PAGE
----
Protecting Wilderness and National Parks

Kosciuszko National Park bike plan - destructive and inappropriate

The National Parks and Wildlife Service last month placed on public exhibition a bike plan to allow for the construction of bike trails and further commercial use in Kosciuszko National Park.  The Colong Foundation for Wilderness believes that this proposed plan is illegal as it contradicts the management principles for national parks* that are enshrined in law. These principles require that visitor use proposals be compatible with the natural values of the park.

“If approved, this national park management plan will put visitor use before the primary nature conservation purpose of the park.  It will see mountain bike trails constructed through threatened species habitat and the NPWS approving that damage in a national park”, said Keith Muir, director of the Colong Foundation for Wilderness.  

“Construction of shared trails will put riders and walkers on narrow tracks, which will be inherently dangerous, and the proposed ‘thrills and spills tracks’ just don’t belong in national parks but in fun parks and state forests”, Mr Muir said.

“The proposed plan boils down to a development proposal for the commercial benefit Kosciuszko Thredbo Pty Ltd that is suffering a financial down turn due to climate change,” said Mr Muir. 

“The plan would mean that the NPWS will be approving the clearing of native bushland to build mountain bike trails in Kosciuszko National Park causing environmental damage when there thousands of kilometres are perfectly good management roads that these riders can ride on without being troubled by motor vehicles”, he said. 

“The Colong Foundation believes that considerable funds proposed to be spent on these new mountain bike tracks should instead be spent managing the serious pest species problems in the national park,” Mr Muir said. 

 

“The thrills and spills style of mountain bike riding was imposed on Kosciuszko National Park in the early 1990s.  For example, the ‘Cannonball Run’ at Thredbo Village is a summer time bike track down one of the main ski slopes of Thredbo.  Bike riders use the Chair lift to ascend the mountain and then ride to its base, causing extensive erosion of the existing track,” said Mr Muir.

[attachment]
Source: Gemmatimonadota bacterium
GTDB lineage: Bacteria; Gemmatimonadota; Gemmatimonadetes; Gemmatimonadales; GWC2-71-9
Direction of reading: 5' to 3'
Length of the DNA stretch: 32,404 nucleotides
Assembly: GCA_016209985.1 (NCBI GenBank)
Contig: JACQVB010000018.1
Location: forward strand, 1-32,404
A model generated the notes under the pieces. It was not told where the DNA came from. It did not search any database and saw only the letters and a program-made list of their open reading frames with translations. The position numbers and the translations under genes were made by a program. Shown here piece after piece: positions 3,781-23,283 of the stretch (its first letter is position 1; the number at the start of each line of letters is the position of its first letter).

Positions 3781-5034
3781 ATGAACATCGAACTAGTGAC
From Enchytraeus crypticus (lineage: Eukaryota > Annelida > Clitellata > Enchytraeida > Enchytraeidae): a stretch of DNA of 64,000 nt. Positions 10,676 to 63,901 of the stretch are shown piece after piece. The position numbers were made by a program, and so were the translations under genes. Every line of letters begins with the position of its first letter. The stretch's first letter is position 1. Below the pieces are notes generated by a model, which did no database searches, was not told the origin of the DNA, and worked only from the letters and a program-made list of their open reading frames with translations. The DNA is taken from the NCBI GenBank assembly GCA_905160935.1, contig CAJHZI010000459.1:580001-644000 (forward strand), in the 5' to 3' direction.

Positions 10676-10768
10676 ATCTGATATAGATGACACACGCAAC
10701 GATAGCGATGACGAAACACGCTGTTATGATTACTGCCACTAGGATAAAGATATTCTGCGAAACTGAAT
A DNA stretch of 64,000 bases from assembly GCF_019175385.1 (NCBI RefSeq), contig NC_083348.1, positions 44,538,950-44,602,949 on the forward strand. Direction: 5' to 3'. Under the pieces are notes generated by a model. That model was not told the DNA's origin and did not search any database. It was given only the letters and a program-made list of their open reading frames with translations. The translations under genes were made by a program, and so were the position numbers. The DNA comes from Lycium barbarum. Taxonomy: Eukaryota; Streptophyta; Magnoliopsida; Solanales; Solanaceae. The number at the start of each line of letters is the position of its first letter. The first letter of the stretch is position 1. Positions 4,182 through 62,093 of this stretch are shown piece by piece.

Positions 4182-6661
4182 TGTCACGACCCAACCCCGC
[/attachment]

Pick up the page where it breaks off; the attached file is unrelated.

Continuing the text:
“The ‘Cannonball Run’ shoots mountain bike riders down a track at 80 kilometres per hour past walkers. The mountain bike generated erosion and the creation of spur tracks make a mockery of the ‘Meadows Nature Trail’ that is associated with it”, he said. 

  
Image left, a child next to the Cannonball Track. Image right, a dual use sign and an armour clad rider (Photos: Colong Foundation).

“Extreme sports, like the "Cannonball Run" in Thredbo, have no place in a national park.  Families coming to Thredbo now can't walk on the ‘Meadows Nature Trail’ for fear of being run down.  More bike tracks of this sort will mean pressure for more of this sort of visitor use conflict,” said Mr Muir.

The NPWS is putting endangered species at risk

“The Colong Foundation for Wilderness has no confidence in the NPWS undertaking its merit based assessments of park developments.  Last year in the Garigal National Park on Sydney Harbour the NPWS proposed the clearing of Coastal Upland Swamps, an Endangered Ecological Community for a mountain bike track.  The clearing will lead to a deterioration of the swamp as it allows an area of ingress for sediment, nutrients, pathogens and weed species both from construction and usage of the track,” he said

“The Garigal bike track proposal would clear endangered swamp land but the NPWS believes that this would not be a significant environmental impact!  The Environment Minister, Robyn Parker is at risk of losing her credibility if she approves this proposal,” Mr Muir said.

“Minister Parker must ensure that National Parks not become places for development opportunities to be exploited by the tourism industry or other high impact users,” said Keith Muir commenting on recent proposed changes to the National Park plans of management.

For more information contact: Keith Muir, (02) 9261 2400 (wk) or 0412 791 404 (mob)

* Section 30E(2)(e) of the National Parks and Wildlife Act, 1974